Concept: Ultrafine particles
While several cohort studies report associations between chronic exposure to fine particles (PM2.5) and mortality, few have studied the effects of chronic exposure to ultrafine (UF) particles. In addition, few studies have estimated the effects of the constituents of either PM2.5 or UF particles.
Background:According to epidemiological research, exposure to rubber fumes can cause various types of cancer and can lead to an increase in death rate because of cardiovascular diseases. OBJECTIVES: In this study, we have assessed the characteristics of ultrafine particles emitted into the air during the manufacturing of rubber products using waste tires. METHODS: To assess the aerosol distribution of rubber fumes in the workplace from a product during curing, we have performed particle number concentration mapping using a handheld condensation particle counter.The particle number concentration of each process, count median diameter (CMD), and nanoparticle ratio (<100nm) were determined using an electrical low-pressure impactor (ELPI), and the surface area concentration was determined using a surface area monitor. The shape and composition of the sampled rubber fumes were analyzed using an ELPI-transmission electron microscopy grid method. Further, the rubber fume mass concentration was determined according to the Methods for the Determination of Hazardous Substances 47/2. RESULTS: The results of particle mapping show that the rubber fumes were distributed throughout the air of the workplace. The concentration was the highest during the final process of the work. The particle number concentration and the surface area concentration were 545 000cm(-3) and 640 µm(2) cm(-3), respectively, approximately 10- and 4-fold higher than those in the outdoor background.During the final process, the CMD and the nanoparticle ratio were 26nm and 94%, respectively. Most of the rubber fume particles had a compact shape because of the coagulation between particles. The main components of these fumes were silicon and sulfur, and heavy metals such as zinc were detected in certain particles. The filter concentration of the rubber fumes was 0.22mg m(-3), lower than the UK workplace exposure limit of 0.6mg m(-3). CONCLUSIONS: Therefore, the rubber manufacturing process is a potentially dangerous process that produces a high concentration of specific nanoparticles.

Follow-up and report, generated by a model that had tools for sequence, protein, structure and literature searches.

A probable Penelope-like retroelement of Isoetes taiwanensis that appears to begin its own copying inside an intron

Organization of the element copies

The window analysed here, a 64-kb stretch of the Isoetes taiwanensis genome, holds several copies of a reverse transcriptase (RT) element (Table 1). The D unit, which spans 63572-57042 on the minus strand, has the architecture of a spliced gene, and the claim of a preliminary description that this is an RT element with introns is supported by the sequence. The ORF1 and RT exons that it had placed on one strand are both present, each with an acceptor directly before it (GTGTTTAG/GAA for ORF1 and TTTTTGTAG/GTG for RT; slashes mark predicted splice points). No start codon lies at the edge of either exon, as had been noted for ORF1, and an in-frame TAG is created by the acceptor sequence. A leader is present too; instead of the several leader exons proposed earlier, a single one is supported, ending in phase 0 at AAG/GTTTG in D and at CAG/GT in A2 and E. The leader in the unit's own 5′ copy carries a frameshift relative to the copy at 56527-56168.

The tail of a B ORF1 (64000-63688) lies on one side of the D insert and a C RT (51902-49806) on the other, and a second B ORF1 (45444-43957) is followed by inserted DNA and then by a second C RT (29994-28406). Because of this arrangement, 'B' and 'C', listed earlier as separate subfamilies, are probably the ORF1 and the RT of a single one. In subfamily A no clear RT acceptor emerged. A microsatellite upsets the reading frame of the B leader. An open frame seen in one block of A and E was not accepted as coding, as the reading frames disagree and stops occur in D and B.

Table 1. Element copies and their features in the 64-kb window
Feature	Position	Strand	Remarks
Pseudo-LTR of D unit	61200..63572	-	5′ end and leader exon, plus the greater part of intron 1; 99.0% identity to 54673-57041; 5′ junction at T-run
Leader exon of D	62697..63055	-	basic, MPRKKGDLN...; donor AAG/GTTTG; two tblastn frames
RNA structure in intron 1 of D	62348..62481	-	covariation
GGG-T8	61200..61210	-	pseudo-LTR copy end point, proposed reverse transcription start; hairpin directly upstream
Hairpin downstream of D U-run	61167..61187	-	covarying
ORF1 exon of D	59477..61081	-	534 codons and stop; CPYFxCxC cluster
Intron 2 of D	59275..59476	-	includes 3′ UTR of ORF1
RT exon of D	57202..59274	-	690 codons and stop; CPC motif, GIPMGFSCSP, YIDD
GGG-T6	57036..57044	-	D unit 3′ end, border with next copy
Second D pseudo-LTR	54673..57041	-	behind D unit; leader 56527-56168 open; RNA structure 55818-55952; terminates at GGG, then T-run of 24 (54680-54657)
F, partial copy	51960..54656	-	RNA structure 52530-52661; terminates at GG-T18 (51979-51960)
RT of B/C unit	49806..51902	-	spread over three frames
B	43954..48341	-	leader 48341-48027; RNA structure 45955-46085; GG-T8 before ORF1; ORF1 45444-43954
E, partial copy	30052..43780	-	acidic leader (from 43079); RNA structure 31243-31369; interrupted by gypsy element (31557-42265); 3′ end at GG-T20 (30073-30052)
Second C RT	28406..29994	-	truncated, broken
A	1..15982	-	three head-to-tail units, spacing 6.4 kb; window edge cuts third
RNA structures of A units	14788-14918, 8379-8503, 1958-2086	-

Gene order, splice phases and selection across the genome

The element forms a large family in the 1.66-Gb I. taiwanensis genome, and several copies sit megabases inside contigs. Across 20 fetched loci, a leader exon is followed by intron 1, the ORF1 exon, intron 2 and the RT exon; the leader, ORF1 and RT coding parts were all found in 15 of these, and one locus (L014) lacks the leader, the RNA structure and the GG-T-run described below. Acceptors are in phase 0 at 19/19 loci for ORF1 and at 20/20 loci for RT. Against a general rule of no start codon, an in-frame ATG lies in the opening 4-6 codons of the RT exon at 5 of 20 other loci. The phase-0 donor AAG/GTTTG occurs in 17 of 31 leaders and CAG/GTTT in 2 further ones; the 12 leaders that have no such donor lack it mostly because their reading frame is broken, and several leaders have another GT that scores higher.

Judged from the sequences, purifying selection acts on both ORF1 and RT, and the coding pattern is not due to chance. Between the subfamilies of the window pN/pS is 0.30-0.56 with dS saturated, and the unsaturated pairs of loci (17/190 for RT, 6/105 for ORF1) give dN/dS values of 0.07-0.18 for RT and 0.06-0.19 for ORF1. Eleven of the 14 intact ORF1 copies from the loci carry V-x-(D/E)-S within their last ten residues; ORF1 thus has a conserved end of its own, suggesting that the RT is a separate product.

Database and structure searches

Utility of an alternative bicycle commute route of lower proximity to motorised traffic in decreasing exposure to ultra-fine particles, respiratory symptoms and airway inflammation – a structured exposure experiment
- Environmental health : a global access science source
- Published over 7 years ago